11 FHIR - Fast Healthcare Interoperability Resources 11 New HL7 standard in development – strong support by HL7 leadership & rapidly emerging industry interest Focuses on “resources” used for exchange; each resource includes: – Defined, simple, structured data (mapped to RIM, but need not be computable) – Extensions (formally defined & published) – Narrative Emphasis on simplicity, implementability, and human readability – Single syntax for documents, messages, queries, services, etc. – Specification includes RESTful transport, but other transports may be used No licensing required

12 FHIR Status 12 Base specification is complete and stable Currently defining resources; plans for 25 CCDA resources and 6 IHE and DICOM resources Targeting ~150 resource definitions, then will shift to profiles Anticipated initial use – Web-centric, social-media apps – HL7 V2 content exposed with FHIR – CDA Release 3 likely to be displaced by FHIR Used by BB+ CommonWell using to build record and encounter record locator service – FHIR chosen for simplicity and implementability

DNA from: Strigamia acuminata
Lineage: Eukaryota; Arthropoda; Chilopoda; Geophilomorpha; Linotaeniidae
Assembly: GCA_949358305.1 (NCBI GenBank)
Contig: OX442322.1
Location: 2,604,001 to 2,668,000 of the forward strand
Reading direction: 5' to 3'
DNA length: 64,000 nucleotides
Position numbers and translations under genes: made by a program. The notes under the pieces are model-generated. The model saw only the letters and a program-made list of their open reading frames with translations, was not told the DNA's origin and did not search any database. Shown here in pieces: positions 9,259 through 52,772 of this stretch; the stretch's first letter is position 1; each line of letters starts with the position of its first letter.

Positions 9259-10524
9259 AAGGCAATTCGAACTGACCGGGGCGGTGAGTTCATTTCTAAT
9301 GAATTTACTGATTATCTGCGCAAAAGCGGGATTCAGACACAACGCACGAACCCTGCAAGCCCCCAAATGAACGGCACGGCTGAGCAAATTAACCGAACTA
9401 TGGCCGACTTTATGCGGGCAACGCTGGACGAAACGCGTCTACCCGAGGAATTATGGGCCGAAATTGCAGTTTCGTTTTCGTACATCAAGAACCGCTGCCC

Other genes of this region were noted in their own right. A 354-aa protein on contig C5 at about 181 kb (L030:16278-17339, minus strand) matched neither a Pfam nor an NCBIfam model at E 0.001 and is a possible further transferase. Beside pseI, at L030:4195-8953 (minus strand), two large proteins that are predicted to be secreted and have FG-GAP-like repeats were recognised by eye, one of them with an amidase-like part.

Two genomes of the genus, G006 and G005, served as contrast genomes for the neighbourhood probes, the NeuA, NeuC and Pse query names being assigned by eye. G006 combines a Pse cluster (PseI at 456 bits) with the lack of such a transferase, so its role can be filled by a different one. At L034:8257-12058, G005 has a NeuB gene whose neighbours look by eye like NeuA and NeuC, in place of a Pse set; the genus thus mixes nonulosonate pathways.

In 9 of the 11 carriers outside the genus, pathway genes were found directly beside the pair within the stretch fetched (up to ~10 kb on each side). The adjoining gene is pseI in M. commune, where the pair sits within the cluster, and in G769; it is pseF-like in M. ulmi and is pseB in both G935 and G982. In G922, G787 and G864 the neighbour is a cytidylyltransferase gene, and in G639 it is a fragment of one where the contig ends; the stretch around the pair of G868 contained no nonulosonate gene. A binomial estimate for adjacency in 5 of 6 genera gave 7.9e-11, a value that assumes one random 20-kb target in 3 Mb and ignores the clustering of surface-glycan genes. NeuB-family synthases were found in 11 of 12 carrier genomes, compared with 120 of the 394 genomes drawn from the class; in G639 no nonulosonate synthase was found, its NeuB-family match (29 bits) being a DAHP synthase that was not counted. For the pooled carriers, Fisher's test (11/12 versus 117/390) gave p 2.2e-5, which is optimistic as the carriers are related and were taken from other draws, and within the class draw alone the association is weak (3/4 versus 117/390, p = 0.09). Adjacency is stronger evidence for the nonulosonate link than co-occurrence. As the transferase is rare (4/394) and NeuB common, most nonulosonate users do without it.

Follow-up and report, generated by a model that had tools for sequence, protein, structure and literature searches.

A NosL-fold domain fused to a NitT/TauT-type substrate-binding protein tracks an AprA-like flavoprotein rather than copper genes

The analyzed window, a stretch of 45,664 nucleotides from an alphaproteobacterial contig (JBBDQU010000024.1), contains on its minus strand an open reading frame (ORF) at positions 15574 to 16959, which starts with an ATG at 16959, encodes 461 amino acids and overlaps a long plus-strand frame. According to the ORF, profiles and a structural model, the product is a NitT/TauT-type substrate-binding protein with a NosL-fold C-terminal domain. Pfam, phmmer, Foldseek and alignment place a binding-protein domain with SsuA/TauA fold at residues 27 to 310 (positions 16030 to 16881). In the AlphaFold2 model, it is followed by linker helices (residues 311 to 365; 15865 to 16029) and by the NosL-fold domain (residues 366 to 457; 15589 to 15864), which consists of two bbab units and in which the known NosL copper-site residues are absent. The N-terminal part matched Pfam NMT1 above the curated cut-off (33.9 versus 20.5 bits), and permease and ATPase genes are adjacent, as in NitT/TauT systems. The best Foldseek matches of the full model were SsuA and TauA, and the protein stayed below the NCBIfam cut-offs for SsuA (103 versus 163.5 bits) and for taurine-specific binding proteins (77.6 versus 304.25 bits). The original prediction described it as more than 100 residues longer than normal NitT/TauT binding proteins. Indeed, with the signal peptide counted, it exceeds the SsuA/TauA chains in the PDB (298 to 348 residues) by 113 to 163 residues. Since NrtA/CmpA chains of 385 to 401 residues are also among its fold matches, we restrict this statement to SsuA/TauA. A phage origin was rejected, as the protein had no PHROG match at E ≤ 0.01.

13 Two Levels of Specifications Emerged 13 Lower Level (“building block”) Protocols – OAuth2 – OpenID Connect – hData – FHIR Higher Level (“composite”) Protocols – Blue Button Plus (BB+) “Pull” – RESTful Heath Exchange Project (RHEx)

14 Blue Button Plus (BB+) 14 For structured and secure transmission of personal health data on behalf of an individual consumer – BB+ “Push” uses Direct email transport (MU 2 VDT) – implementation guide available at – BB+ current efforts focus on “Pull” BB+ “Pull” is an application programming interface (API) that enables an application to “Pull” EHR data on behalf of the consumer – Application uses OAuth2 to register with a provider App name, location, permissions it might ask patients for, and how to display an authorization screen to patients OAuth2 Dynamic Client Registration allows “open” registration (no pre- negotiated vetting) “Trusted” registration requires use of BB+ registry (vetted) – FHIR for content search and retrieval – HTTPS (HTTP + TLS) secure RESTful transport